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Mediated Divorce versus Litigated Divorce: The Effects on Children

Author: Avalene Bateman

Let take a look at mediated divorce versus litigated divorce and the effects on children.

Let’s look at mediated Divorce versus Litigated Divorce: Effects on Children. A litigated divorce can be financially and emotionally draining on those involved in the process. When going through a divorce or separation, the parents are undoubtedly on a rollercoaster journey of emotions and this is a taxing time, often heightened by the more lengthy and costly litigation process.

While the emotional difficulties will be an obstacle, either way, the process of divorce mediation provides a more relaxed environment where parents are encouraged to reach amicable solutions, including those regarding the children.

Children are more perceptive that generally noted, and are greatly affected by the environment around them. They will flourish in a loving, calm environment, and feel anxious in a hostile, drastically changing environment. When the parents are functioning on heightened emotional levels of frustration and stress, it is possible that the children will pick up on this and feel the stress of the situation themselves which can be harmful on a child’s emotional wellbeing.

When parents are in the throes of a litigation battle, it is possible a child can be involved in custody battles. In an event such as this a child could be exposed to a hostile environment between parents, and the child’s voice may not be heard, further leading to emotional distress in the child.

On the other side, divorce mediation is a shorter, less financially taxing process, where the focus is on reaching agreed upon solutions and compromise. Divorce mediation encourages parents to work together when making decisions regarding their children. When children are able to see parents cooperating, they will be able to feel more secure in their environment and are less likely to feel the emotional turmoil associated with arguing parents.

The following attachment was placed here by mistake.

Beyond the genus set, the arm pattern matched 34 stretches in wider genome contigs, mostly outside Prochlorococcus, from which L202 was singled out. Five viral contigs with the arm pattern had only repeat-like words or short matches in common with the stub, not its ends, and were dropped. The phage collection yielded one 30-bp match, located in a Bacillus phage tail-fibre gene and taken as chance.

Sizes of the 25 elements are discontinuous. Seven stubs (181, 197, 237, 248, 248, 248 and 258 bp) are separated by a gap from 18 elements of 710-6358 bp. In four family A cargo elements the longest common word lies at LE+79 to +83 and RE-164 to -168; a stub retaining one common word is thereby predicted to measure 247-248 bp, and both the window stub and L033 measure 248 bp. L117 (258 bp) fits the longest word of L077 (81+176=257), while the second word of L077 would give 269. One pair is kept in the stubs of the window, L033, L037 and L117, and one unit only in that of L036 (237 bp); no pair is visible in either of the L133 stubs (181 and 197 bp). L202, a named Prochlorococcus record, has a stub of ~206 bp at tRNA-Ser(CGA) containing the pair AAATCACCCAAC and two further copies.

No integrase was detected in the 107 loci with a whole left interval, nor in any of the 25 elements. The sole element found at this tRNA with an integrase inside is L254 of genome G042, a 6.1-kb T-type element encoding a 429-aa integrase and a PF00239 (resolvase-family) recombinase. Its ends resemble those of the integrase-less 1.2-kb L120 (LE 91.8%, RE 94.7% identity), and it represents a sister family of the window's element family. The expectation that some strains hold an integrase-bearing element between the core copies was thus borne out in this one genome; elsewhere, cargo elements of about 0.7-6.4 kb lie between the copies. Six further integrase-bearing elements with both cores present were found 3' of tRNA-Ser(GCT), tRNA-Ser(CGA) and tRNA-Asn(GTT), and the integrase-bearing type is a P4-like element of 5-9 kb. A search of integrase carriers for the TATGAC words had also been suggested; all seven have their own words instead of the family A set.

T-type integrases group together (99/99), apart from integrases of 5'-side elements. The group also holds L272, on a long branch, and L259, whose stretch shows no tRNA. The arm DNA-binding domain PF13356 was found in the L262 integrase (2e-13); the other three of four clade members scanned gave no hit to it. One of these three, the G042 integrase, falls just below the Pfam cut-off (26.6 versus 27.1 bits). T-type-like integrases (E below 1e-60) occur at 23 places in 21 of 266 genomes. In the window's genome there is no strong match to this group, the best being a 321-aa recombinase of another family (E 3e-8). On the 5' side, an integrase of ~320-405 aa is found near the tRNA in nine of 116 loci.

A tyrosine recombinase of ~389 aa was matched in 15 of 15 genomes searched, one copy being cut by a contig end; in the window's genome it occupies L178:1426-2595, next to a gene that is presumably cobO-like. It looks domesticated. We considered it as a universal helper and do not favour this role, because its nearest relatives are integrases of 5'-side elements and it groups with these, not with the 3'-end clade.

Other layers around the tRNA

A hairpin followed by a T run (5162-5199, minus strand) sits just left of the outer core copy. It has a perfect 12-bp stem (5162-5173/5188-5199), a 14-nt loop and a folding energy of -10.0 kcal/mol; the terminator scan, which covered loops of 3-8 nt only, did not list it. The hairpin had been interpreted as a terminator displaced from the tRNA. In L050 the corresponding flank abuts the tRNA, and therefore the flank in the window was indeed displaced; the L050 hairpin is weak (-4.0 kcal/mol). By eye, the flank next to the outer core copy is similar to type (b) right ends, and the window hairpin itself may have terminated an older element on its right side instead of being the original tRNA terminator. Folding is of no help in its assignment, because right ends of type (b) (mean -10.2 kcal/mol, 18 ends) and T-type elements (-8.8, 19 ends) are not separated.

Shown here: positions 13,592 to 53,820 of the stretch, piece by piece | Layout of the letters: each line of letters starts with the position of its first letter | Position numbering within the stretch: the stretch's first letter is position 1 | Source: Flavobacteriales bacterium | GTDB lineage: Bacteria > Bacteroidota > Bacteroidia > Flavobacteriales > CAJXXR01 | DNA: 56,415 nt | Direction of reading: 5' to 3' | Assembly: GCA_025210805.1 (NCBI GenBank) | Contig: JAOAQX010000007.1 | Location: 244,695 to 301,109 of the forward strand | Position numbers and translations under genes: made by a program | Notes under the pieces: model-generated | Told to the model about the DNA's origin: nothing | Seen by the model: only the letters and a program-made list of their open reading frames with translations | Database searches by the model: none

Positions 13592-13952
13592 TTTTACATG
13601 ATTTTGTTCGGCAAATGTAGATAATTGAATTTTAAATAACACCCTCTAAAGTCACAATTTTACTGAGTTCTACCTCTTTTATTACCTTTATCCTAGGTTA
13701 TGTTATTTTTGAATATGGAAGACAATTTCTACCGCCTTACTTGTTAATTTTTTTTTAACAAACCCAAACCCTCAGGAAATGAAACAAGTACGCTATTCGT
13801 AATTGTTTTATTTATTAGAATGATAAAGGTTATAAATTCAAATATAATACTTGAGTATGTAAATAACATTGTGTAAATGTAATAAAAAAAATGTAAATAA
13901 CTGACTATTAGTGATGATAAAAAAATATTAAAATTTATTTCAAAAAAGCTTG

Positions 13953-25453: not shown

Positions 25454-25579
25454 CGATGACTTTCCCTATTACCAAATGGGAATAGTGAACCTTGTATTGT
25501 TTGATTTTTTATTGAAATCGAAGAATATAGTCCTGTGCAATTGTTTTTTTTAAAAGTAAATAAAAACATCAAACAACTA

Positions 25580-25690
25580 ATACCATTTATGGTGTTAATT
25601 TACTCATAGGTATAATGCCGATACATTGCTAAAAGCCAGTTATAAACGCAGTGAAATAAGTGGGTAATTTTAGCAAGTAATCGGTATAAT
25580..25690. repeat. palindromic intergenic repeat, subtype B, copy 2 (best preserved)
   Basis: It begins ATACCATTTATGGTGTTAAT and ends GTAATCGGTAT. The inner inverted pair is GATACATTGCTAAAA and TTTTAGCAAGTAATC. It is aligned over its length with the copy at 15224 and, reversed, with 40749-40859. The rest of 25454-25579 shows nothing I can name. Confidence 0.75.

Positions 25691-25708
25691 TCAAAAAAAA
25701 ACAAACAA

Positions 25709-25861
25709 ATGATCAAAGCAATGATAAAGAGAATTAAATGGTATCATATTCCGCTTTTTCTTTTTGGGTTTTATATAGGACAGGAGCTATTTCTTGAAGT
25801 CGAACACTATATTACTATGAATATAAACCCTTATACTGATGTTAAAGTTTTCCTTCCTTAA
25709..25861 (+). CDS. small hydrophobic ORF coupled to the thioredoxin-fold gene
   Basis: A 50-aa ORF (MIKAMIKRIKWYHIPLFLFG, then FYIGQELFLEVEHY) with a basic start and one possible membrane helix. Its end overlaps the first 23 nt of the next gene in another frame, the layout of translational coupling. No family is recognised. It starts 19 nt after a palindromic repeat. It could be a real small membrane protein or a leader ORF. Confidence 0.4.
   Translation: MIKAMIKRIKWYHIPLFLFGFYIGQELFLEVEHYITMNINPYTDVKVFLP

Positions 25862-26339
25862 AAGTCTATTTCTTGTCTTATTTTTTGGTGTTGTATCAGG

It is important to show the child that they are still loved by both parents and are not being put aside. In divorce mediation, parents are guided and encouraged to be cooperative, which allows the child to feel a sense of security in the family unit. Divorce mediation is conducted in a safe, caring environment, and divorce mediators are trained to guide the divorce discussions in a way that keep relationships functioning as best they can. This will be beneficial to the children who’s emotional wellbeing is at the forefront of parenting plans.

The divorce mediation process encourages the children’s voices to be heard and taken into account during the mediation process and when making decisions regarding the children. Therefore, what is best for the children is the main focus when discussing the parenting plan.

Mediation aims at minimizing stress, financial and emotional disruption as best as possible, and maximizing the ability of parents to communicate effectively and constructively during the divorce proceedings and going into the future, which in turn keeps theirs and their children’s wellbeing a major focus.

THE AUTHOR

Pictured Above: Avalene Bateman

Avalene Bateman is a clinical psychologist with 20 years of experience in the field of psychotherapy and mediation. She is registered with the Health Professionals Council of South Africa and the Board of Healthcare Funders.